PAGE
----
Although it was self-acting, it had to be stopped to recharge empty shuttles. It was the mainstay of the Lancashire cotton industry for a century, when the Northrop Loom invented in with an automatic weft replenishment function gained ascendancy. The Stalybridge mule spinners strike stimulated research into the problem of applying power to the winding stroke of the mule. In , Richard Roberts patented the first self-acting mule. The draw while spinning had been assisted by power, but the push of the wind was done manually by the spinner.

Before , the spinner would operate a partially powered mule with a maximum of spindles. After , self-acting mules with up to 1, spindles could be built. The savings with this technology were considerable.

By the s, the same quantity could be spun in hours by mule, and with a self-acting mule it could be spun by one worker in just hours. While profiting from expertise arriving from overseas, Britain was very protective of home-grown technology. In particular, engineers with skills in constructing the textile mills and machinery were not permitted to emigrate — particularly to the fledgling America.

In , he took his skills in designing and constructing factories to New England and was soon engaged in reproducing the textile mills that helped America with its own industrial revolution.

The Cotton Industry in the Industrial Revolution

Local inventions followed. In , Eli Whitney invented and patented the cotton gin, which sped up the processing of raw cotton by over 50 times. With a cotton gin a man could remove seed from as much upland cotton in one day as would have previously taken a woman working two months to process at one pound per day. Prior to the Industrial Revolution, most of the workforce was employed in agriculture, either as self-employed farmers as land owners or tenants, or as landless agricultural laborers.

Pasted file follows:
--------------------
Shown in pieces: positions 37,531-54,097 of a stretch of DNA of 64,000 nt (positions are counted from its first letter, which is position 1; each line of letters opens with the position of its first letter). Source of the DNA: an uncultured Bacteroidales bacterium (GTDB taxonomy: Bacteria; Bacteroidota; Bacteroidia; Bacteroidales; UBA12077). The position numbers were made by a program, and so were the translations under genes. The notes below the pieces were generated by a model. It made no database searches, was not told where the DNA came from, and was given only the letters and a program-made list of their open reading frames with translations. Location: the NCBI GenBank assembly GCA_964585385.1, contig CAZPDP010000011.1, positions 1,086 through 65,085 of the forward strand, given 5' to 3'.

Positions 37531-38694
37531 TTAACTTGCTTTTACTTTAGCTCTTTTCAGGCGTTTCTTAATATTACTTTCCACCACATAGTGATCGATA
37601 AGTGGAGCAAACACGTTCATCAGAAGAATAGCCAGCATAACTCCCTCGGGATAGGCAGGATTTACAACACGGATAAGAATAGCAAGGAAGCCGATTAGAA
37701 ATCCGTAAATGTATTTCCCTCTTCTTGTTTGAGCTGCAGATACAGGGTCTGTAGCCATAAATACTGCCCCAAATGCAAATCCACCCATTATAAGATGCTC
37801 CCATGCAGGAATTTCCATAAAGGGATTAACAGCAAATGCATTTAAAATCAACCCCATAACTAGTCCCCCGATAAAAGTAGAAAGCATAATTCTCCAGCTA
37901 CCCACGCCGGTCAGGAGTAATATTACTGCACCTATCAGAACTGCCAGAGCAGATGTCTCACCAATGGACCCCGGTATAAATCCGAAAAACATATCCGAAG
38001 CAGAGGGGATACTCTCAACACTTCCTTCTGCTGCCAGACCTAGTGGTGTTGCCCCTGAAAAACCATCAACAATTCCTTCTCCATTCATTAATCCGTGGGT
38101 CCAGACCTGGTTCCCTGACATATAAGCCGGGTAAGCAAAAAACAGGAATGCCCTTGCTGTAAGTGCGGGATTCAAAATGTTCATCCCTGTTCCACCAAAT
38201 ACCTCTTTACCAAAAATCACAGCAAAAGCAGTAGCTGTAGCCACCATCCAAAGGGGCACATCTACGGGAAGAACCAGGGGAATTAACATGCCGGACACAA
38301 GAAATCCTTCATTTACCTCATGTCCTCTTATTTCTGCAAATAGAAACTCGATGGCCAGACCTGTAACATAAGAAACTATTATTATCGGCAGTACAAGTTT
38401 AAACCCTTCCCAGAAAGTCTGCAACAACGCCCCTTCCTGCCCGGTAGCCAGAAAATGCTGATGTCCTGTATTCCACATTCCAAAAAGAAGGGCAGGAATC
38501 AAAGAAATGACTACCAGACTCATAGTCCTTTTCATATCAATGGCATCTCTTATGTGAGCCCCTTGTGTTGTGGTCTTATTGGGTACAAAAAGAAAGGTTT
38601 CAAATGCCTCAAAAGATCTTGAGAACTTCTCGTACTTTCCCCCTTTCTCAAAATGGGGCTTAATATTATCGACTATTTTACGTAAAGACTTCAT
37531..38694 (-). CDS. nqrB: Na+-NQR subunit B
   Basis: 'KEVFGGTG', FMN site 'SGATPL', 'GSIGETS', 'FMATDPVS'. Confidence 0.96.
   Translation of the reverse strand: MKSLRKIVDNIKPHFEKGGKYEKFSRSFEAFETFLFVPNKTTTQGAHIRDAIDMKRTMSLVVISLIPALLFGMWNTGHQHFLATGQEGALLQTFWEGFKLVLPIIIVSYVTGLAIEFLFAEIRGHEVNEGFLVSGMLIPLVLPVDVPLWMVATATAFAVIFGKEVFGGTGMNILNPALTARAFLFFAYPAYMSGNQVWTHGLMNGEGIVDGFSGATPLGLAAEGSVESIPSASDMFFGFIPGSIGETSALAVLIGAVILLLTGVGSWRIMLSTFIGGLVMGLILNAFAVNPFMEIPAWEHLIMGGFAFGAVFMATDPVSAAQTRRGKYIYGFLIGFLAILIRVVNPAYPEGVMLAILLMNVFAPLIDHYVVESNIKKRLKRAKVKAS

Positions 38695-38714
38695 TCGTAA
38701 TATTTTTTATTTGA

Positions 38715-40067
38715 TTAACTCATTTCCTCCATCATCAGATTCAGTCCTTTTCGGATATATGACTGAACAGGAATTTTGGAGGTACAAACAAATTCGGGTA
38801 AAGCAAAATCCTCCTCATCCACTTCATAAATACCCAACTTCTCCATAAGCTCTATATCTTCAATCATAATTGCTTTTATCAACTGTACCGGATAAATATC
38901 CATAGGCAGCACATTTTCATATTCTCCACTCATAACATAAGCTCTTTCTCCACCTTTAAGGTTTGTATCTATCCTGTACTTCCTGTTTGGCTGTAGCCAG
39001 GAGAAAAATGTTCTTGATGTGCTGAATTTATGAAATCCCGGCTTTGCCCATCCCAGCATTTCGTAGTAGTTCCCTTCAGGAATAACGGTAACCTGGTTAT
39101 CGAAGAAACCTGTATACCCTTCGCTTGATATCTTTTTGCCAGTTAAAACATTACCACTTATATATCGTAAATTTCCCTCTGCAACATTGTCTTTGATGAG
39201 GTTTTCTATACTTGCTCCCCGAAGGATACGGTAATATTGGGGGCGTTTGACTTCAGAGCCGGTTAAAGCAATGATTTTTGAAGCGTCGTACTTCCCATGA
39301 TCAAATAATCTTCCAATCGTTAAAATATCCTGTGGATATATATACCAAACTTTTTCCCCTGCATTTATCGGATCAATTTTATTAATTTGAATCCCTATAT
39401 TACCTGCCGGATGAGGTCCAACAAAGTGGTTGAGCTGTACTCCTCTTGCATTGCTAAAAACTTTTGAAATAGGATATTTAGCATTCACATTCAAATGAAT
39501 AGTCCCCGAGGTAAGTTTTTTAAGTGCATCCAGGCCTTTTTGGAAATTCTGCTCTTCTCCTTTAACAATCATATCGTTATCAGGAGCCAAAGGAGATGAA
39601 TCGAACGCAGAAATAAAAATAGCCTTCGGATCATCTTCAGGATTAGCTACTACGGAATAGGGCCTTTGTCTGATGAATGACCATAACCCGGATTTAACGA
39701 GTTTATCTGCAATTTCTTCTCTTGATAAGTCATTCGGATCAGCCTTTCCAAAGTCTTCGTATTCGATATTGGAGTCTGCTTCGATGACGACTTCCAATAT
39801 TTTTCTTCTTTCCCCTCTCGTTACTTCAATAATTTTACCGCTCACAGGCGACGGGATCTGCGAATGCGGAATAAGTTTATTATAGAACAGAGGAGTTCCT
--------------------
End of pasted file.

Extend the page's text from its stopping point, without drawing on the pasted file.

By the time of the Industrial Revolution the putting-out system in which farmers and townspeople produced goods in their homes, often described as cottage industry , was the standard.

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Typical putting-out system goods included spinning and weaving. Merchant capitalists provided the raw materials, typically paid workers by the piece, and were responsible for the sale of the goods. Workers put long hours into low-productivity but labor-intensive tasks. The logistical effort in procuring and distributing raw materials and picking up finished goods were also limitations of the system. Some early spinning and weaving machinery, such as a 40 spindle spinning jenny for about six pounds in , was affordable to cottagers.

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  7. Later machinery such as spinning frames, spinning mules, and power looms were expensive especially if water-powered , giving rise to capitalist ownership of factories. Many workers, who had nothing but their labor to sell, became factory workers in the absence of any other opportunities. By , an integrated brass mill was working at Warmley near Bristol. Housing was provided for workers on site. Josiah Wedgwood in Staffordshire and Matthew Boulton at his Soho Manufactory were other prominent early industrialists, who employed the factory system.

    However, Richard Arkwright is credited as the brains behind the growth of factories and, specifically, the Derwent Valley Mills. After he patented his water frame in , he established Cromford Mill in Derbyshire, England. This early factory was established by the toy manufacturer Matthew Boulton and his business partner John Fothergill. In , they leased a site on Handsworth Heath, containing a cottage and a water-driven metal-rolling mill. The mill was replaced by a new factory, designed and built by the Wyatt family of Lichfield, and completed in Between the s and , the nature of work transitioned from a craft production model to a factory-centric model.